‘Sincerity and a sense of humour go a long way in being part of a good business’
By Tony Sanchez -
In our latest Five Minute Interview, Tony Sanchez speaks to Shreeya Arora, Investment Manager and Underwriter at Adsum.
Adsum is a market leader in U.K. tax receivables financing, providing working capital and bridging loans secured against HMRC tax refunds.
Adsum bridges the funding-gap between payment of VAT on asset, property and stock purchases and receiving the corresponding tax refunds from HMRC, providing liquidity secured on borrowers’ balance sheet tax assets.
What is the best thing about being in the bridging finance business?
One of the best things about being in the bridging finance business is interacting with small business owners.
These are the firms/people that are the spirit of the economy and add actual value. Growth comes from such grassroots, and this is where I can see macroeconomic policy work in real time.
What keeps you focused?
A lot of the underwriting and lending processes are complicated and do not provide clients a sophisticated user journey.
What keeps me focused is achieving simplification and efficiency to resolve this gap.
What qualities do you look for in your employees or colleagues?
Sincerity and a sense of humour go a long way in being part of a good business. At Adsum, I have been fortunate to have found like-minded individuals that are driven by creating quality business.
Are you an optimist or a pessimist?
I would say I’m a realist. I like to assess situations as they are and try to not let my personal biases cloud my judgement.
What did you want to be as a child?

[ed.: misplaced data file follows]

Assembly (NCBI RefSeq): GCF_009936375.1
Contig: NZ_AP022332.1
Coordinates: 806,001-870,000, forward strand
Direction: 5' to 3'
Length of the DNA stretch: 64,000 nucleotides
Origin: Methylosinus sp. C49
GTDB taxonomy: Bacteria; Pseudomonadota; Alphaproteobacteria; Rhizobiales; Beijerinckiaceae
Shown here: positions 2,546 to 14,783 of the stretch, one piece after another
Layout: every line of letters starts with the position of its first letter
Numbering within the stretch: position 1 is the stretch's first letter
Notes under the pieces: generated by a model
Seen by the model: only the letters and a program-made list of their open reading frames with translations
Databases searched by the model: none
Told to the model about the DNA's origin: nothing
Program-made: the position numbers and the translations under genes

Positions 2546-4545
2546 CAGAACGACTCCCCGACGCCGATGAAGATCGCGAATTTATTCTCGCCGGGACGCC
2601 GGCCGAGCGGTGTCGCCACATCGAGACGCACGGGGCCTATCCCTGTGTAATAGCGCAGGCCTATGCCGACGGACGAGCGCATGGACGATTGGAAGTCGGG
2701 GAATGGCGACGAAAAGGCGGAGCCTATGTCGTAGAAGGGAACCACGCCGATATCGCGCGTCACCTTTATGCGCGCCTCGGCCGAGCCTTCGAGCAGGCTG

As a child, I wanted to be a Diplomat in the UN or a restaurant owner! Poles apart but true nonetheless.
What will be the greatest challenge facing the bridging finance industry in the coming months?
I do think adapting to the new COVID normal and hopefully soon, bouncing back from the impact and financial drain from the pandemic will continue to be the greatest challenge for the industry.
Who or what makes you laugh?
My parents arguing over what to eat for dinner makes me laugh – they have been married 25+ years and it is still the same.
Do you dread Monday mornings?
I absolutely dread Monday mornings (and all other mornings) but just until I’ve had a cup of coffee or fresh stove-brewed chai.
If you could change one thing about yourself, what would it be?
I’d love to become a morning person – the previous question has made me question how approachable I am first thing in the morning!
With whom would you most like to have dinner?
I’d love to have dinner with Michelle Obama – a personality so big that even the US President can’t overshadow her.